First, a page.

Get a full preview and prediction here for this weekend’s Cinco de Mayo PPV showdown – Canelo Alvarez vs. Julio Cesar Chavez, Jr.
It’s Cinco de Mayo weekend, which means it’s time for one of the year’s major marquee boxing fights. This year, it’s a Mexico vs. Mexico fight as Canelo Alvarez (48-1-1; 34 KO) faces Julio Cesar Chavez, Jr. (50-2-1; 32 KO) This is a Catchweight fight taking place at 164.5 pounds – down from Chavez’s normal weight and up from Canelo’s. For what it’s worth, Ring Magazine rates Canelo as the world’s #8 pound for pound fighter and Middleweight champion; Chavez is unranked. The fight will air live on HBO PPV this Saturday, May 6 with a fight time of 9:00 p.m. ET / 6:00 p.m. PT. The PPV includes 3 other fights featuring David Lemieux and Lucas Matthysse among others.
How do these two stack up?
Canelo: 26 years old | 5’9” | 70.5″ reach | orthodox stance
Chavez: 31 years old | 6’1″ | 73″ reach | orthodox stance
What have these two done recently?
Canelo: W – Liam Smith (TKO) | W – Amir Khan (KO) | W – Miguel Cotto (UD)
Chavez: W – Dominik Britsch (UD) | W – Marcos Reyes (UD) | L – Andrzej Fonfara (TD)
How did these two get here?
Saul Canelo Alvarez won the 160 pound lineal Middleweight title from Miguel Cotto in 2015 and has been soundly criticized ever since. He’s refused to fight at 160 pounds, been stripped of belts, and firmly avoided a fight with Gennady Golovkin. Canelo once had a good reputation for taking tough fights, including taking on the highly talented Erislandy Lara when few would, but that time is long past. In many ways, Canelo is the face of boxing today – likely the sport’s biggest star now that Mayweather is gone and Pacquiao faded (though Anthony Joshua is on his trail). But fans want more from him, and they want it now.
To summarize the ups and downs of Julio Cesar Chavez Jr.’s career in a brief span is quite difficult indeed. Son of the legendary Julio Cesar Chavez, he came to boxing seemingly with a silver spoon in his mouth. Heavily hyped from the beginning, Chavez has mostly failed to live up to those expectations. He had an amazing round against Sergio Martinez in 2012, but since then he’s missed weight, ballooned up to Light Heavyweight where he was completely wiped out by Andrzej Fonfara, and generally shown a lack of commitment to boxing. He’s only had one fight in the past 22 months, and that was a throw-away affair in Mexico.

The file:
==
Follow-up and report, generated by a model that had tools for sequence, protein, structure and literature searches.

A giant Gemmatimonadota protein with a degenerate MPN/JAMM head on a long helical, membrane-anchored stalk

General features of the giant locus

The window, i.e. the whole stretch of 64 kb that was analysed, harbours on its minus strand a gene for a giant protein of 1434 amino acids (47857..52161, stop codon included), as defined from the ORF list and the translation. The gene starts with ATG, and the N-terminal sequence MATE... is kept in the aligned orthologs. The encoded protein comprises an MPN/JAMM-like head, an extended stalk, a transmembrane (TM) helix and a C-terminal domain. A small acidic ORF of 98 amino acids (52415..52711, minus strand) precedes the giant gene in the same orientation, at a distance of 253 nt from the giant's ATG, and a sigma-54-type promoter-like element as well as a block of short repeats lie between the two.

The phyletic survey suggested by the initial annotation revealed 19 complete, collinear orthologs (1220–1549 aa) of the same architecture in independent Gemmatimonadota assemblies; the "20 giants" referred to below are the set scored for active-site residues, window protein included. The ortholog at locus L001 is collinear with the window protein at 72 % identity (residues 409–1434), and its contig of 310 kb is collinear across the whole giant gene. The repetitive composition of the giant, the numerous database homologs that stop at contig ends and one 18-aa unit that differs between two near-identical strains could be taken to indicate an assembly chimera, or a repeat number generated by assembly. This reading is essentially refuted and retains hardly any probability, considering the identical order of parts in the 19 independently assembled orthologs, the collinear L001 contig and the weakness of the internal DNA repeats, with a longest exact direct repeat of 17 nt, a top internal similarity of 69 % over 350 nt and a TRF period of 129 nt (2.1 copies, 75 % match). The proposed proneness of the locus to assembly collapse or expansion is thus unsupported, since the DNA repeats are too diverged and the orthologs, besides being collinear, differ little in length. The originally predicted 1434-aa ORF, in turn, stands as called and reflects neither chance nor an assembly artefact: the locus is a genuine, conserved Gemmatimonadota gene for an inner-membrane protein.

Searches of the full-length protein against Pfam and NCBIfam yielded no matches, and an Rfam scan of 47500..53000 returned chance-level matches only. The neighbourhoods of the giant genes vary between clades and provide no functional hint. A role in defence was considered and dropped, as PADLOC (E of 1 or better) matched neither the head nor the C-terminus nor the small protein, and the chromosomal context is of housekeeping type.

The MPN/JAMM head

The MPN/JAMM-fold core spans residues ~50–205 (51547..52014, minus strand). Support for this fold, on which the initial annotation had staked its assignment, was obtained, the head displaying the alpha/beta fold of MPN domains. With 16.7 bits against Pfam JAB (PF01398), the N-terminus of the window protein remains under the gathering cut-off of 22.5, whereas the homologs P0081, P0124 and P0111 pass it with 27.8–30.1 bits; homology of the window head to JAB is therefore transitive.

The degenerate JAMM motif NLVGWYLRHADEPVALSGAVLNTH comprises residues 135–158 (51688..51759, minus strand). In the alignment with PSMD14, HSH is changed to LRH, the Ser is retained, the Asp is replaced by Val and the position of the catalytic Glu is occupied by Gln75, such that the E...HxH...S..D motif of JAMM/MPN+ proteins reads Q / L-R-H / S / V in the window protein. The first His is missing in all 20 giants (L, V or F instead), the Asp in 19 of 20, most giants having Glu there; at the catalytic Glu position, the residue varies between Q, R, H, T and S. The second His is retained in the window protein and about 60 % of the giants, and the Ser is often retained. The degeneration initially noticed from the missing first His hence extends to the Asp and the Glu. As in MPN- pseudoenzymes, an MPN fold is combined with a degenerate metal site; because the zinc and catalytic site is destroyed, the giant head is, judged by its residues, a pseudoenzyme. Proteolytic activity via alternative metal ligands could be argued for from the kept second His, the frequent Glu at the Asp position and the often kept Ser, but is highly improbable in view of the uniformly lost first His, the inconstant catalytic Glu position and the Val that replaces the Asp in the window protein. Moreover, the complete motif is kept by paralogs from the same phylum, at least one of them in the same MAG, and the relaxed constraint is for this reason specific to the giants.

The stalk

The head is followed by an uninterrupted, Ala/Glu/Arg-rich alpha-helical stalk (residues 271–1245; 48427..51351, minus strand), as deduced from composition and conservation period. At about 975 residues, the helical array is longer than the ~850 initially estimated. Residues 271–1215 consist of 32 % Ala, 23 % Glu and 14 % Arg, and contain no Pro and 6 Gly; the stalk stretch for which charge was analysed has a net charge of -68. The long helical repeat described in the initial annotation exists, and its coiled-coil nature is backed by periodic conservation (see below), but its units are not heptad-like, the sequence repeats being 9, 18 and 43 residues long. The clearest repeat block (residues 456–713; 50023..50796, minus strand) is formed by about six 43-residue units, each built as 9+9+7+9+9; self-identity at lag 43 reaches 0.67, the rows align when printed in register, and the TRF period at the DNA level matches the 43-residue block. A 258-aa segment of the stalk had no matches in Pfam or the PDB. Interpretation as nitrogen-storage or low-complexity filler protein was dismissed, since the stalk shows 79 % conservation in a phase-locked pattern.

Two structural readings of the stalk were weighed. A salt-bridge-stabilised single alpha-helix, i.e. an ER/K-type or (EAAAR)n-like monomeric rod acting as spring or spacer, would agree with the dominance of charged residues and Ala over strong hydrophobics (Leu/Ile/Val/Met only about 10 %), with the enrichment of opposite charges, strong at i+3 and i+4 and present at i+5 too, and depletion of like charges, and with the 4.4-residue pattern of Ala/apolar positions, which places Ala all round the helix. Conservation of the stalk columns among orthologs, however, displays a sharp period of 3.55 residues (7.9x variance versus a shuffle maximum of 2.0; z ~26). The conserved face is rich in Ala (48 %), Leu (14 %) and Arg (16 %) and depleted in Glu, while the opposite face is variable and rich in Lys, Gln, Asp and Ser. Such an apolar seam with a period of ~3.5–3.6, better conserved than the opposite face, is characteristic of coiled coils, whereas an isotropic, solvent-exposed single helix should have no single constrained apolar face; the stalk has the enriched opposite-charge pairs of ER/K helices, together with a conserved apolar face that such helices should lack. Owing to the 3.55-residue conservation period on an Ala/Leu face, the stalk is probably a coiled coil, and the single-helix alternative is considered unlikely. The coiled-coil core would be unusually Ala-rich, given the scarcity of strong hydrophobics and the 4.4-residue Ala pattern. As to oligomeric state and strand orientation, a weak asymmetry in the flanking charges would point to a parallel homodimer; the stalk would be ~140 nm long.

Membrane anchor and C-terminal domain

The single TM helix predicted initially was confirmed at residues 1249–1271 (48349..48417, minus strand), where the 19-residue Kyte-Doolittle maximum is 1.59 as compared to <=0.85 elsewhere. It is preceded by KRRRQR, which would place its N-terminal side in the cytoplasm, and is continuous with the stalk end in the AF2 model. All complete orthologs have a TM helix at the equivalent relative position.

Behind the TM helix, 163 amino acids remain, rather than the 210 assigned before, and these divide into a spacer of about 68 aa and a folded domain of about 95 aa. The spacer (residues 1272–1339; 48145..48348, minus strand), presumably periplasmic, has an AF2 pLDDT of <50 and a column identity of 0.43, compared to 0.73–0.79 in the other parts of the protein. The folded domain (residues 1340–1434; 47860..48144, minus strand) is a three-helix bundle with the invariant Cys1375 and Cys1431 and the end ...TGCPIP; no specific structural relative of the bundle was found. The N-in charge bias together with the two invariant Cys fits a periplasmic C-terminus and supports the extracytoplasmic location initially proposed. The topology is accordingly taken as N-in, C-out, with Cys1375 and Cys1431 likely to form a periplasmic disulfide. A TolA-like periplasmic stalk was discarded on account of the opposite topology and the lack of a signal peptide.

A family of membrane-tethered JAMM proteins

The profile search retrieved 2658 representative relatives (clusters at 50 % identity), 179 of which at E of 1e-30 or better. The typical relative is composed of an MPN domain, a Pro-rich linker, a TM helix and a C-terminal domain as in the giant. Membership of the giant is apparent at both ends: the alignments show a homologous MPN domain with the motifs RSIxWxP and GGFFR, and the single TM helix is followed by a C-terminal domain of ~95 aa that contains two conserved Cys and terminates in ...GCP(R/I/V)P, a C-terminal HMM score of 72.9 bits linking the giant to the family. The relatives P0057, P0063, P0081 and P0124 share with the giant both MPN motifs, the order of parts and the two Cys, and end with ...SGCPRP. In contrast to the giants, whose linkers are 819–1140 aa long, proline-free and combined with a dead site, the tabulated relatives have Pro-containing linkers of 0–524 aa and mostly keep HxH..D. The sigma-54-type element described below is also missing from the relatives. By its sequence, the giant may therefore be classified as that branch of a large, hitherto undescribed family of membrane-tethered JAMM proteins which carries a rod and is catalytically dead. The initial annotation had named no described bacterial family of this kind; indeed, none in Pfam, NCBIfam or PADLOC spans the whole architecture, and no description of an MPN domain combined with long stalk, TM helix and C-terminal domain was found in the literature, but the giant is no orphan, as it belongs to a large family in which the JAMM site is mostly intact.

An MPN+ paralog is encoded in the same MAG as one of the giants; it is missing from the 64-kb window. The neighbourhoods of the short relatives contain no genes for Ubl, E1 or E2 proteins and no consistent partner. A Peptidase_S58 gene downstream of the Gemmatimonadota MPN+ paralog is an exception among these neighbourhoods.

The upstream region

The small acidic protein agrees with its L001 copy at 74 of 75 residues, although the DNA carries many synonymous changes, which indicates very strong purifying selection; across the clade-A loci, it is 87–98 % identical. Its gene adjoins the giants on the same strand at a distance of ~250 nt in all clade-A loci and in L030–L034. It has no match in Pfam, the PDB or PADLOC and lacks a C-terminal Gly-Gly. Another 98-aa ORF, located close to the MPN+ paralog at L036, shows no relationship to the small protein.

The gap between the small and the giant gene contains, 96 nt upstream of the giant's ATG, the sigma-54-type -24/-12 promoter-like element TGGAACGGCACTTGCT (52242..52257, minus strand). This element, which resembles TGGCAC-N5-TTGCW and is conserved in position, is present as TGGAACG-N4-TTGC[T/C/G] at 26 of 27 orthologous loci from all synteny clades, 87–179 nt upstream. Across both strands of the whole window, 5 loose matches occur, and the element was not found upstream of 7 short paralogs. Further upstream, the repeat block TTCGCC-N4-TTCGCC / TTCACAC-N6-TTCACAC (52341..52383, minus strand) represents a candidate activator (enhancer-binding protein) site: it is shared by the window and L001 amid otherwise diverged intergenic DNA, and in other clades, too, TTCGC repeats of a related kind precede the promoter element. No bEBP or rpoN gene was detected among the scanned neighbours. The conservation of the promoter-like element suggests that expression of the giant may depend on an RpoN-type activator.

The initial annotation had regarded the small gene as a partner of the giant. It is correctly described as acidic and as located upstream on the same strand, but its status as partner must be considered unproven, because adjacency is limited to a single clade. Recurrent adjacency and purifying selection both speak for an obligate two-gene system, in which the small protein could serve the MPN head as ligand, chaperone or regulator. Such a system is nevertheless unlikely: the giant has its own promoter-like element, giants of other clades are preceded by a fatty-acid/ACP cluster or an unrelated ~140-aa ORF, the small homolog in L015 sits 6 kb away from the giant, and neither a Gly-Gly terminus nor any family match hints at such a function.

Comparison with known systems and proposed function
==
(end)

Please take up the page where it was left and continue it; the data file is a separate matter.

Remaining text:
What can fans expect?
It’s tempting to just write Canelo by decision here and be done with it. But there’s reason to pause. Yes, Canelo is the more technically skilled fighter – there’s really no question about that, even though many feel Canelo’s technical acumen has been overrated at times. He will be the faster man in there, not because Canelo is particularly fast, but because Chavez is often particularly slow. Chavez is certainly a durable fighter – only the large Fonfara has put him away – so it’s very easy to envision Canelo sticking and moving, using technique to work the outside, land his trademark hooks to the body, and point his way to a lopsided win. And yes, that very well might happen. But there’s no overlooking the fact that Chavez will be significantly bigger and significantly stronger. Against Martinez, he showed that you can never write him off – it took a heroic effort from Martinez to not fall victim to a 12th round Hail Mary KO in that fight. That said, that fight was nearly 5 years ago. The word from the Chavez camp is that he is driven and in shape for this fight. Maybe that will be true. But even if it is, Chavez has never been a real gas tank sort of fighter. As we get deeper in the fight, he will tire faster than Canelo. Canelo will need to stay awake, but he’s a smart enough fighter to do just that. Look for Canelo to outbox Chavez most of the way, but for Chavez to have a few dramatic shots in the fight that make it interesting. Interesting enough for a rematch? It’s boxing, so the bar is low – look for Canelo vs. Chavez II this fall.
Prediction: Canelo, Dec
Who should watch?
Well, it’s a tough one to call here. This could be a stinker, with Canelo outworking and Chavez looking slow. Or it could be a firefight in that Mexican tradition that has been talked about so much in the lead up. I’m interested to see which. Your mileage may vary. Also, fans who really really hate Canelo and want to see someone face him who actually has a shot? This one’s for you.